Sound Symphony: A sensory show for young people with profound autism and their families
Sound Symphony has been a labour of love in many ways. In fact, from having the first idea it has taken me 4 years to gather the partnerships, hone the ideas and get the funding in place (thank you Paul Hamlyn Foundation and Creative Scotland!) to tour the show around theatres in Scotland this May.
For seven years I worked for Oily Cart in London, who are the flagship company for making multi-sensory performances for young people with complex needs (I recently became the Artistic Director, so it’s gone full circle!) When I moved back to Scotland 3 years ago (I am originally from Aboyne), I was shocked to see there were no sensory shows for audiences with more complex needs happening up here. I have seen countless moments of wonder, play and connection create by sensory shows. I have seen first-hand the power they have to open up pathways of communication with people who are considered some of the most hard to reach. This made me even more determined to make this show happen.
The Barn have been instrumental in this process. They supported me with the Research and Development period back in 2017 (you can read a blog I wrote about this at the time here: https://upfrontperformancenetwork.wordpress.com/2017/05/18/spinning-bowls-and-milk-bottle-shoes-thoughts-on-sound-symphony-research-and-development-process/)
This included a residency at Aberdeenshire special school St Andrews. We tested our ways of collaborating with the pupils to make weird and wonderful music using not just instruments, but all types of everyday objects that the young people were fascinated by.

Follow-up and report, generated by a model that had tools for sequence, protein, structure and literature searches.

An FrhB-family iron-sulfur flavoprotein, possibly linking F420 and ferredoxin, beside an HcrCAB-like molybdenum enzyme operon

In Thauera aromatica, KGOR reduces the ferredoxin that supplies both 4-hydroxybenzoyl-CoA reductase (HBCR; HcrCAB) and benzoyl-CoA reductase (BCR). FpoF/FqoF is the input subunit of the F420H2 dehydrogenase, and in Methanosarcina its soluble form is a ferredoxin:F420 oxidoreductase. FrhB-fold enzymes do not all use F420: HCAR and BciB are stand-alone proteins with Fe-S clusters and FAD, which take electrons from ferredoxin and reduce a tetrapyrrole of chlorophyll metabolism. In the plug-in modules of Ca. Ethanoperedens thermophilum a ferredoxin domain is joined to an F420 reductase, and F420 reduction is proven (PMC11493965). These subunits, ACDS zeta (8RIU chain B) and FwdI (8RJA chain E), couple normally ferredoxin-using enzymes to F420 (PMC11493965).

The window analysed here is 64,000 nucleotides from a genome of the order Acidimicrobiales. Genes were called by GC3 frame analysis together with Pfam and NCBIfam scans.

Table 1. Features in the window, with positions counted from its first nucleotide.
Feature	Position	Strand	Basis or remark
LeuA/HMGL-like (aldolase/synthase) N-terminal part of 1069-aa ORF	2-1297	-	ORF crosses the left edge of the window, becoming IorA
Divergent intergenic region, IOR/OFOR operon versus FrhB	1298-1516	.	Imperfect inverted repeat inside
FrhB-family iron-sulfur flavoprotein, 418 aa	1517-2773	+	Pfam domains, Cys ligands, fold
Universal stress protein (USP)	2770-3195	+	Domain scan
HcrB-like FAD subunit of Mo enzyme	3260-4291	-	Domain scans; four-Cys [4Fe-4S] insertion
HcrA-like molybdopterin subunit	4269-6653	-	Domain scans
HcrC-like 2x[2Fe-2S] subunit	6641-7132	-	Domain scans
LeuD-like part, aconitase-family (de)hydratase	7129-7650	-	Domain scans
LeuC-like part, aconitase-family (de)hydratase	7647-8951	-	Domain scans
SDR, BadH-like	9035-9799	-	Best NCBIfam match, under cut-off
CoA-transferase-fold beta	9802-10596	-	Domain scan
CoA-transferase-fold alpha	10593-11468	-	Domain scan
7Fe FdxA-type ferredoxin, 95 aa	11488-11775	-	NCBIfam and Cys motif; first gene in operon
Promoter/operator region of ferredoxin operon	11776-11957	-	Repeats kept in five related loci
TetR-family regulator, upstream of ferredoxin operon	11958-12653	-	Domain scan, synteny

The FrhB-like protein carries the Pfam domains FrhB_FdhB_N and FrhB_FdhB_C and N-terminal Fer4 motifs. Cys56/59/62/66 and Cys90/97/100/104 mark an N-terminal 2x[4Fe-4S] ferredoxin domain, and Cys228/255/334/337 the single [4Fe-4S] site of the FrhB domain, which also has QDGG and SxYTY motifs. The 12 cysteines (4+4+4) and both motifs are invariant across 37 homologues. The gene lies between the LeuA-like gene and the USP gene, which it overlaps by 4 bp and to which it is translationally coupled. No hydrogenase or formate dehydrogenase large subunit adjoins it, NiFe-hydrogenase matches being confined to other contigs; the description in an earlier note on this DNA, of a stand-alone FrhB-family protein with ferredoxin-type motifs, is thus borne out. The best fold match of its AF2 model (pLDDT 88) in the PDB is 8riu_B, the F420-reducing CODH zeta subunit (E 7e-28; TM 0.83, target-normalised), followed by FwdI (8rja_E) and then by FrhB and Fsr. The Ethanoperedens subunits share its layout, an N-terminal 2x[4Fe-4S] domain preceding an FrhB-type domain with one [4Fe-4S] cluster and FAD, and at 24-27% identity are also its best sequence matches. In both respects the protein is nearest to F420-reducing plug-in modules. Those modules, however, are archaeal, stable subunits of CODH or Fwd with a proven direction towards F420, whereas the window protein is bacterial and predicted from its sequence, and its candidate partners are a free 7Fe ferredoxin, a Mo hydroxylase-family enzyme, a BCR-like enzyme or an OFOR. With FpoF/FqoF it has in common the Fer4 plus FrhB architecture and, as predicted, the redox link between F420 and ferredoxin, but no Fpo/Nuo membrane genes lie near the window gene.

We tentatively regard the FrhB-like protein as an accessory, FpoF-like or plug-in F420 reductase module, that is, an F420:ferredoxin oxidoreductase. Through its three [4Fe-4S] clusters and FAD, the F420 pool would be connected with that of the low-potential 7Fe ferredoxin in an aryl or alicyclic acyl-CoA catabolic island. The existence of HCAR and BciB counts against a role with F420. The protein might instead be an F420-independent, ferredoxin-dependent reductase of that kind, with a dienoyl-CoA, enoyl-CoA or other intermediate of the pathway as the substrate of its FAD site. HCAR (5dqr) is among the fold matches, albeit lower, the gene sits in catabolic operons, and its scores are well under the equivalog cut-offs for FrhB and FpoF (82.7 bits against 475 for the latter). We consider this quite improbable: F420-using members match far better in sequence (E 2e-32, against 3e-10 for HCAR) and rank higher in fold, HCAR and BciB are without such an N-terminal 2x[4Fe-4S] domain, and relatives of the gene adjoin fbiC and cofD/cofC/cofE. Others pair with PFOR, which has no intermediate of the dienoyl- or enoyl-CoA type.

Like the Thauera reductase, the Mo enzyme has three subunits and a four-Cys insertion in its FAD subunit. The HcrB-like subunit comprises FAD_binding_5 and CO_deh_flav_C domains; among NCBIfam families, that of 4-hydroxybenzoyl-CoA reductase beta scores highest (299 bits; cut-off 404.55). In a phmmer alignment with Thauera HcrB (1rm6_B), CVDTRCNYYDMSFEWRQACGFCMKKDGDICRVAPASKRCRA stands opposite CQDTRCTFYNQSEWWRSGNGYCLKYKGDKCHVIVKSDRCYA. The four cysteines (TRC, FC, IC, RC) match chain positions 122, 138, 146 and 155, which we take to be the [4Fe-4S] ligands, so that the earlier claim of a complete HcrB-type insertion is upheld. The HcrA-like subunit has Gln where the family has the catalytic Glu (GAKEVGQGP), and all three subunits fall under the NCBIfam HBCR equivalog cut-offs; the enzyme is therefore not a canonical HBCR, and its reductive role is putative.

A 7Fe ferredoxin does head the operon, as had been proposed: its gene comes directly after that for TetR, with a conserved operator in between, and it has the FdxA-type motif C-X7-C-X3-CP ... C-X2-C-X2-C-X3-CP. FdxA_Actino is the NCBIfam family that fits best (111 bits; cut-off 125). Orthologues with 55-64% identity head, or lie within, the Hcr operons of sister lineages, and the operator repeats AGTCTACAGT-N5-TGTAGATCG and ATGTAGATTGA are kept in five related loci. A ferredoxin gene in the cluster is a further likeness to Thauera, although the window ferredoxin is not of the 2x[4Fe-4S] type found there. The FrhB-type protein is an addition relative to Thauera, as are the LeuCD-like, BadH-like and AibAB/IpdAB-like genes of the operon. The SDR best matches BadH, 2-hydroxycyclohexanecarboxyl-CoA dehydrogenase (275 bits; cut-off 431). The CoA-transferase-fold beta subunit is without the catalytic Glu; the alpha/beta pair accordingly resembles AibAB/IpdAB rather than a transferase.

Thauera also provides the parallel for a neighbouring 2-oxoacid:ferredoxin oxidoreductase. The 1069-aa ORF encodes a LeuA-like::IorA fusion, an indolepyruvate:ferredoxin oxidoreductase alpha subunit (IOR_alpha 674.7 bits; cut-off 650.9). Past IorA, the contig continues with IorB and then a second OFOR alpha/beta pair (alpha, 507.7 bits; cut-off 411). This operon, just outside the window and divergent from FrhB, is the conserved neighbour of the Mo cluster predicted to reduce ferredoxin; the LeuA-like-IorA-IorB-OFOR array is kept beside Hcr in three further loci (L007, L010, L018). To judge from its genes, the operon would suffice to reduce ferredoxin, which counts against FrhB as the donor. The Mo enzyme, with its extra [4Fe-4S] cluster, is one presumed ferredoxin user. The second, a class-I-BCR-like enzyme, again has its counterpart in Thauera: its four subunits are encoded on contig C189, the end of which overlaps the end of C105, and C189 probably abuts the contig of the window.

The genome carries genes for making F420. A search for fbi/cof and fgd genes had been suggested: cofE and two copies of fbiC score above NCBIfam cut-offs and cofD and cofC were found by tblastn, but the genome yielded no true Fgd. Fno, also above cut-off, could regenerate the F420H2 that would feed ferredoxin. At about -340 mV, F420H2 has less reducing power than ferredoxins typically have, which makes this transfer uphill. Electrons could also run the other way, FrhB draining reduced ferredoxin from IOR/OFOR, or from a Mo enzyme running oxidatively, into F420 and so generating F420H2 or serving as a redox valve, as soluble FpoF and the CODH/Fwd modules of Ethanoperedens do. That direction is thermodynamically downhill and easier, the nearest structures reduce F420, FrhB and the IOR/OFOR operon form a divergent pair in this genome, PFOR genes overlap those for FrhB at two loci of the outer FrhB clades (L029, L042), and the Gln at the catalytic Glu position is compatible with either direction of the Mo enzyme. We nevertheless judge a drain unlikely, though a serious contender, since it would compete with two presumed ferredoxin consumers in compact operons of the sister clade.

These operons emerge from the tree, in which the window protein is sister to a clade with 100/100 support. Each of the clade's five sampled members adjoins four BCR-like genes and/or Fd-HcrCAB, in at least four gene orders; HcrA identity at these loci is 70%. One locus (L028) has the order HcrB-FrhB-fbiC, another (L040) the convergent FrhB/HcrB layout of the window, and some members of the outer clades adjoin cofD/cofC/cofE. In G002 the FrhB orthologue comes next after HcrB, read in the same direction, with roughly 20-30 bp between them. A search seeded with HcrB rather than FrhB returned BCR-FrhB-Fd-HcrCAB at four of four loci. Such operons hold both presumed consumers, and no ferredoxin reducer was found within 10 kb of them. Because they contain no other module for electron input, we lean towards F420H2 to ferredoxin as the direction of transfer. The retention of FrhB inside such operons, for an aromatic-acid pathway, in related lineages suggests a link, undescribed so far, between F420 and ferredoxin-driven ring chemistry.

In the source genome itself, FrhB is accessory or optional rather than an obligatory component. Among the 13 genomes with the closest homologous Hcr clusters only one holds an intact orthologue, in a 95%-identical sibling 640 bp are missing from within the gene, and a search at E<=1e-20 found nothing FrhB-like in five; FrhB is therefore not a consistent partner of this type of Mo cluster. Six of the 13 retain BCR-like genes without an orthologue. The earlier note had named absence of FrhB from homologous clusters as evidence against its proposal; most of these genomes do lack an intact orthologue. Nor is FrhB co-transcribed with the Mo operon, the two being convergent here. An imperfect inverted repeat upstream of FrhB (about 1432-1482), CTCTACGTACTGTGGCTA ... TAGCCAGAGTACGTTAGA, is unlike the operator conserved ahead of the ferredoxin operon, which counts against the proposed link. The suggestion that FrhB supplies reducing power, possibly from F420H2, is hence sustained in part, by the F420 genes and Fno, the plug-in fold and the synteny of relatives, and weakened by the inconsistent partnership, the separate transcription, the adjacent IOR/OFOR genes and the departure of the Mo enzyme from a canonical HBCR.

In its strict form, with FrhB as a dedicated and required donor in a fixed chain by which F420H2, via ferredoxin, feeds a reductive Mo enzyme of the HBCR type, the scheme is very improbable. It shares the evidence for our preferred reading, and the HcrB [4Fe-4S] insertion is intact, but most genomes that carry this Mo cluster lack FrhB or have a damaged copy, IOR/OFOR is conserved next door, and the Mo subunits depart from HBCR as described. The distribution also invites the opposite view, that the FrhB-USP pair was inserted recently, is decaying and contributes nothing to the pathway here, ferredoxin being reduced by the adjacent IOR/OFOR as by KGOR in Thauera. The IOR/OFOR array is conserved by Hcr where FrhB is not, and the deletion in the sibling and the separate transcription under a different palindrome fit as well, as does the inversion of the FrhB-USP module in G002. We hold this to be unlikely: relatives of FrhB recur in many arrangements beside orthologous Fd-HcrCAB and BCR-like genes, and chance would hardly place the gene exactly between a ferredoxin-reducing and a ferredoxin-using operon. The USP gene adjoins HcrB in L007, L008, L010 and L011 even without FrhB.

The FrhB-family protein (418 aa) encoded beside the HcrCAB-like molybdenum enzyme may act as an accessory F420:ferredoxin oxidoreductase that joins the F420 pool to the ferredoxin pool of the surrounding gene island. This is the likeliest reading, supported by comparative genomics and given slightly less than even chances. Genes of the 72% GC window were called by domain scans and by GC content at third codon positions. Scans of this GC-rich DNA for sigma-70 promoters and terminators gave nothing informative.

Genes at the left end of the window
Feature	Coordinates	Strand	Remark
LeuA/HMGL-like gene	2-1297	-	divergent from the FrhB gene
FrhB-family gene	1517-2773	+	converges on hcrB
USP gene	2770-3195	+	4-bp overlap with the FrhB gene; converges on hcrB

Since then, we have gathered together an amazing team of professional musicians and creatives that I am so excited to work with. We are all so proud to be bringing these audiences to venues in Scotland for the first time. In many ways, these young people aren’t yet visible in public spaces, as their behaviour can be challenging and many parents have told us they fear being judged, or simply not welcome. It’s taken lots of research and talking to many families to figure out ways to break down these barriers. For example, earlier in the year we worked with Creative Consultant Coery Nicholson, who has autism, and together delivered a sensory audit and autism awareness training to the Barn and the other venues. We are really trying to consider all the different barriers and needs to make it possible for as many young people with autism to attend as possible.
Sound Symphony is about sound and music. It features beautiful classical music played live, but also celebrates how different our musical tastes can be. This is not a show where the audience are expected to sit quietly and still. By the end in fact, we hope that each audience member has been inspired to join in and create their own unique symphony of sounds!
None of this would be possible without my producer Mhari Robinson from Independent Arts Projects, who has worked tirelessly to support my ideas. Sally Wilson, who is working with venues to reach out to these fabulous diverse audiences has also been so committed and passionate to the aims of the project.
We’re looking forward to performing at the Barn on May 17. Contact the box office on: 01330 825431 for tickets.
We can’t wait to meet the audience and make some amazing sounds together!
By Ellie Griffiths